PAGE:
Third, the globalized, technologically advanced US economy might require a broader array of income supports than many GOPers now consider wise. AEI’s Charles Murray, a supporter of a government-guaranteed basic income — has argued thusly: “Massive government redistribution is an inevitable feature of advanced postindustrial societies.”
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Why Fiscal Stimulus Fails – Richard Epstein |
Janet Yellin and Mario Draghi should say something like this:
Sorry folks, you think that we are magicians, but we are only trained in monetary economics. And we are here to tell you that we have shot our wad with a set of stimulus programs that were broken from the outset. Only now the situation is worse. The law of diminishing returns to additional efforts has set in so any measures we take will make our economies worse. The burden is squarely on the political branches to do their part. Deregulation and lower taxation reduces administrative costs and economic burdens. It will allow private firms to increase output. Either your elected officials make structural reforms today, or we shall have another fruitless set of stimulus programs tomorrow.
Apple’s Shrinking Impact in the Smartphone Industry – HBR |
Now that Apple has begun to compete on the same terms as Samsung and the other smartphone providers, there is no smartphone company that is a market-creating innovator. Apple, Samsung, and the others are stuck in a battle of sustaining innovations, which is about classic competition on who makes a better phone. It does not benefit customers in the same way.
Think You Stink at Math? Amazon Wants to Change That – Re/code |
Elon Musk cancels blogger’s Tesla order after critical post – FastCo |
Long-term marijuana use tied to worse verbal memory in middle age – Reuters “Researchers found that as past years of marijuana use increased, verbal memory scores decreased. In practical terms, the results meant that for every additional five years of exposure, 50 percent of marijuana users would remember one less word from a list of 15 tested words.”
North Dakota Has Highest Gallup Good Jobs Rate – Gallup | “For the third year in a row, North Dakota had the highest Gallup Good Jobs (GGJ) employment rate among the 50 U.S. states, at 51.5%.”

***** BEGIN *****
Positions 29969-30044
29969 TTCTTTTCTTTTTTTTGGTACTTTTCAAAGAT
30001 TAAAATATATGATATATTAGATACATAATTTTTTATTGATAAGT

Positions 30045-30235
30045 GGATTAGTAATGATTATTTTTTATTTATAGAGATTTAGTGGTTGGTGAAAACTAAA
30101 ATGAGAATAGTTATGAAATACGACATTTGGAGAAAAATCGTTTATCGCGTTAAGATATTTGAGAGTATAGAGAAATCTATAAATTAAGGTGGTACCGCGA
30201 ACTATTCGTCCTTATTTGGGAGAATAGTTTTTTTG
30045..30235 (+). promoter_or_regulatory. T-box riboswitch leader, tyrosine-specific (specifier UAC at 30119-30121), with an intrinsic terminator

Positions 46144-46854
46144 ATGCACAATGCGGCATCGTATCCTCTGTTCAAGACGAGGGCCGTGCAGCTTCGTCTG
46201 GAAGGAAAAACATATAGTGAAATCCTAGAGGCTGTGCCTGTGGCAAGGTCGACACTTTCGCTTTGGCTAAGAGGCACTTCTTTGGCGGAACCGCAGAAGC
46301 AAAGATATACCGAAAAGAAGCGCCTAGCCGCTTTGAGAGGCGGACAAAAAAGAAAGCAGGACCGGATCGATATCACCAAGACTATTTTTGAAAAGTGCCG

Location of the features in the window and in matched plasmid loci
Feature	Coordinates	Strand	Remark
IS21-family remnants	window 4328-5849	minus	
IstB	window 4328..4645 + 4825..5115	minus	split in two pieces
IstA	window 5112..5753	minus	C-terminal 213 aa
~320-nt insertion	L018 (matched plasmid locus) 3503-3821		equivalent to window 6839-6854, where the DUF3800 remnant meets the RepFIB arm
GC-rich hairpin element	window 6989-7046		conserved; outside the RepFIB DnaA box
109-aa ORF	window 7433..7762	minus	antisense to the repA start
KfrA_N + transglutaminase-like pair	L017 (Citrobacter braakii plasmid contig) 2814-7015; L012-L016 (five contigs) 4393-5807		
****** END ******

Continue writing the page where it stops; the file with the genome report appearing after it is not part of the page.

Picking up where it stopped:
Voter App Offers Tinder-Like Political Hookups – Re/code | “The app requires little introduction: Swipe right to vote “yes” and left to vote “no” in response to eight policy questions: Abolish the death penalty? Keep abortion legal? Decrease military spending? Repeal Obamacare? The answers lead to suggested party affiliations.”
The Science Of Hillary Clinton’s Coin Toss Victories – Forbes | “In some Iowa counties, there were an odd number of County Delegates to be awarded (or in one case, an orphan delegate), and the Clinton/Sanders races were literally a dead heat. And in the case of a dead heat, Iowa has a rule on which candidate receives the odd delegate: a coin toss.”
Thanks to Google Fiber, this is America’s best-connected public housing development – FastCo |
Again, if you want government to spend like a Nordic nation, it also needs to tax the middle class like one
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The WaPo’s Max Ehrenfreund has a great Q&A with sociologist Lane Kenworthy, author of “Social Democratic America” — a book I have written about a few times. The following bit gets at the idea that it wouldn’t be just the rich paying for the progressive dream of greatly expanded government, Scandinavian style:
One difference between these two candidates’ [Hillary Clinton and Bernie Sanders] platforms and the social-democratic agenda in your book is that both are talking a lot about raising taxes on the rich, while in the Nordic countries, the middle and working classes pay more in taxes, too.